Salazar’s sides ached from laughing so hard. “Hippogriffs?” he said in incredulous delight. He wiped tears from his eyes. “Oh-h!” he said, chuckling. “We love you, O, you hippogriffs / We love you every day...you’ve such a childish mind, Helga, it never ceases to amuse me.” He threw his head back and began to laugh again. “Only you could have come up with something as truly idiotic as this.”
Blushing, Helga snatched the scroll away from Salazar. She felt humiliated and pathetic and furious all at one, and she didn’t like it.
“I’m sorry, Helga, but,” said Salazar, once he had calmed down a bit. “I really must ask: hippogriffs?”
“I—I like hippogriffs,” Helga said lamely. She studied her feet.
“Oh, leave her alone, Salazar,” Rowena said, from across the room. Rowena was standing on a table, doing some very complicated wandwork to put up decorations that made the room absolutely enchanting.
Godric, Salazar, and Helga had claimed various reasons for staying at Rowena’s overnight (“I wouldn’t want to leave a woman alone—something might happen to you!” “I live too far away.” “My house got attacked by, uh, magpies. Yeah.”), none of them admitting that the real reason was because none of them wanted to be alone for Christmas Eve.
“Fine,” Salazar said, and returned to the book he had been reading. Helga glared at the cover. It was a small book; black, and threadbare. Helga briefly toyed with the idea of grabbing the book from Salazar and tearing it in half, but the humiliation of Salazar laughing at her song was still to fresh—she couldn’t bear to be in his presence any longer, she was too embarrassed. And so when Godric returned, lugging in a huge pine tree, she took the excuse to go and talk to Godric instead.
The party. A feast, a tree, decorations, and wine. Helga was giggly and threw food at people; Rowena was charming and brilliant and flirtatious and, once, she had dared to let her hair down, quite wild; Salazar, ever the introvert, moved from person to person, talking to each one individually; Godric got roaringly, unbelievably drunk.
What more can be said?
Helga couldn’t sleep.
It was a funny thing, she reflected, because after Godric passed out, she had begun to feel really sleepy. She barely remembered how Rowena had gotten Godric to his chambers, and then she remembered Rowena coming back, and everything was just one warm, fuzzy blur, a daze of fragmented memories, and then Rowena passed out, too, so Salazar had to carry Rowena up to her room and then Helga pretended to pass out because she wanted Salazar to carry her but Salazar had seen right through it and laughed at her some more and Helga got angry again and tried to walk upstairs herself but ended up tripping on the staircase and Salazar had laughed and laughed so Helga had thrown her shoe at him.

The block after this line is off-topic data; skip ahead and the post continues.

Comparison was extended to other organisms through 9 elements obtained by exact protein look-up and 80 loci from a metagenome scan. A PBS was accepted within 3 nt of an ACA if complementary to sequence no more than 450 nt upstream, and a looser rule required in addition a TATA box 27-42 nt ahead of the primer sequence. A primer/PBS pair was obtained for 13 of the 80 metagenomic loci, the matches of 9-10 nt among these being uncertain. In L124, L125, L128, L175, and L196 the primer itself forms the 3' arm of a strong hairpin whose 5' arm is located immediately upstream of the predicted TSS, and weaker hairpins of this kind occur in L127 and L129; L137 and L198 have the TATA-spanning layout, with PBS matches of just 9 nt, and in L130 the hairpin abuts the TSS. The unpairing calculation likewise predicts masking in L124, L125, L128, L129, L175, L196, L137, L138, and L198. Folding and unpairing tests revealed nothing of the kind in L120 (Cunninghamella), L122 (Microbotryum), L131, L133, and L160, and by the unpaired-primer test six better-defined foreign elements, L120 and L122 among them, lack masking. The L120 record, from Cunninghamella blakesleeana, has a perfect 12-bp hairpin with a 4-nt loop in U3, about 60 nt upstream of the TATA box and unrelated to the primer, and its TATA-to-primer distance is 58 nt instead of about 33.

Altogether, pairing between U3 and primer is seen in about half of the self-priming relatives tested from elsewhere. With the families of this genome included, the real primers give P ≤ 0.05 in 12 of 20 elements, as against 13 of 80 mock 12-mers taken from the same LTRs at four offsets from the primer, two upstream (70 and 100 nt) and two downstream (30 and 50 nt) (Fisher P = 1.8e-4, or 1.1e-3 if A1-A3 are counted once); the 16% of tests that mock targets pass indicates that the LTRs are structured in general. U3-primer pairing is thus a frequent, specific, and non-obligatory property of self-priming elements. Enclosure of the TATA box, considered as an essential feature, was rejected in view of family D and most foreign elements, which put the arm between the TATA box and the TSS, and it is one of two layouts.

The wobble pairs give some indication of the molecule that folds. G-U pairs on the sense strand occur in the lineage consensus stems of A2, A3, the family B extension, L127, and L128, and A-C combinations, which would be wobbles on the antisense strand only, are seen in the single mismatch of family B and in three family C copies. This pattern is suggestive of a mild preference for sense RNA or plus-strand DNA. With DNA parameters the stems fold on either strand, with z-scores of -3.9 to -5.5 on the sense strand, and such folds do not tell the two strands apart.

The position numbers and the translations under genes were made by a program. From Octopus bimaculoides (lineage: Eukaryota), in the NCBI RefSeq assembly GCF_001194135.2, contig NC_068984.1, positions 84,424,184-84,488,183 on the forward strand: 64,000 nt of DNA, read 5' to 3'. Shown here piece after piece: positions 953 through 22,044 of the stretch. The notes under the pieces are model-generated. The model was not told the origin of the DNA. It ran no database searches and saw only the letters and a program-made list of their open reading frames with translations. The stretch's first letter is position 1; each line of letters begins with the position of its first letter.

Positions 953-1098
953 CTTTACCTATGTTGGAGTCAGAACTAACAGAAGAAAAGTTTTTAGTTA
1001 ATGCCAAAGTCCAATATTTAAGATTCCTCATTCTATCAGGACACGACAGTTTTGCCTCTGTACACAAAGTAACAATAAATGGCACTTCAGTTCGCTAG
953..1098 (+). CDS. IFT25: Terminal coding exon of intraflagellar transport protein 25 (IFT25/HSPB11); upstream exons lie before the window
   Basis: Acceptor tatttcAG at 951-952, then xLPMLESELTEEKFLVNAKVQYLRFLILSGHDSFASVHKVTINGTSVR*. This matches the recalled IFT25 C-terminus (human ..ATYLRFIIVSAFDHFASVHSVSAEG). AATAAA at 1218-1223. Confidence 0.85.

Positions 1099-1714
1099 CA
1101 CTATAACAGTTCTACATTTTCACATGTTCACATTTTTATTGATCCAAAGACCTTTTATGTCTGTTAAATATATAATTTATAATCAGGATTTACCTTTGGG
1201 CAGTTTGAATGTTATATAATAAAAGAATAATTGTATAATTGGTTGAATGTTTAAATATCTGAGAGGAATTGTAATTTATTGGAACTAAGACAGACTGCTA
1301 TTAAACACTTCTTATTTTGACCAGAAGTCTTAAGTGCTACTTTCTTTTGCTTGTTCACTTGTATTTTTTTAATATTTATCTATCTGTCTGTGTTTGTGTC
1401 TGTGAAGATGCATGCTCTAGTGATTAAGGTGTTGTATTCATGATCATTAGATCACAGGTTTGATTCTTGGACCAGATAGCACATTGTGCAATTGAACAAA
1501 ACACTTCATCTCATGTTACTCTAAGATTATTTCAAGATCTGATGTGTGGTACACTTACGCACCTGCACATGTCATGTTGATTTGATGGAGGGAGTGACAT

But the funny thing was, she couldn’t sleep. She had felt so, so sleepy and dazed during the party, but she was Wide Awake Sober now.
Helga sighed and squeezed her eyes shut, willing sleep to come, but it didn’t. Finally, she gave up. She knew from experience that if she didn’t get to sleep in half-an-hour, she wasn’t going to get to sleep for a long time, so she might as well do something else, or else she’d just toss and turn for hours, getting more and more frustrated, until she did something stupid.
Well, more stupid than usual.
Helga slipped out from under her covers, and tried to tiptoe quietly across the room without waking Rowena, but ended up tripping over her own feet and thudding facedown on the floor. She stayed there a moment, hating the world. Then she picked herself up and exited the room, leaving the sleeping Rowena behind.
He seemed surprised to see her. “Why are you up, Helga?”
He was sitting in front of the fire, on the couch.
“Why are you?”
“I asked first.”
“So I asked second.”
Salazar chuckled. “Come on, out with it, Helga.”
She shrugged, walked to the couch, sat down next to him. “I couldn’t sleep.”
He nodded, looking at the fire.
“Well?” she asked, after a while.
“Why are you up?”
“Why not?” he replied.
She felt like strangling him.
He turned to face her. Blonde pigtails tumbling down over sleepy-eyes encircled by black rings from lack of sleep. Arms hugging her knees to her body. A white nightdress. She looked young.
“You couldn’t sleep?”
He leaned forward and gently traced the rings under her eyes with his light fingers. “It looks like you haven’t been able to sleep quite often lately. Has this been happening a lot?”
She nodded again, trying not to melt under his touch.
He stared at her a moment, and then began to laugh.
“What?” she asked, her face burning up, immediately hating herself for ever thinking the words melt, touch, and Salazar in the same sentence with such fierce passion she almost punched him. “What?”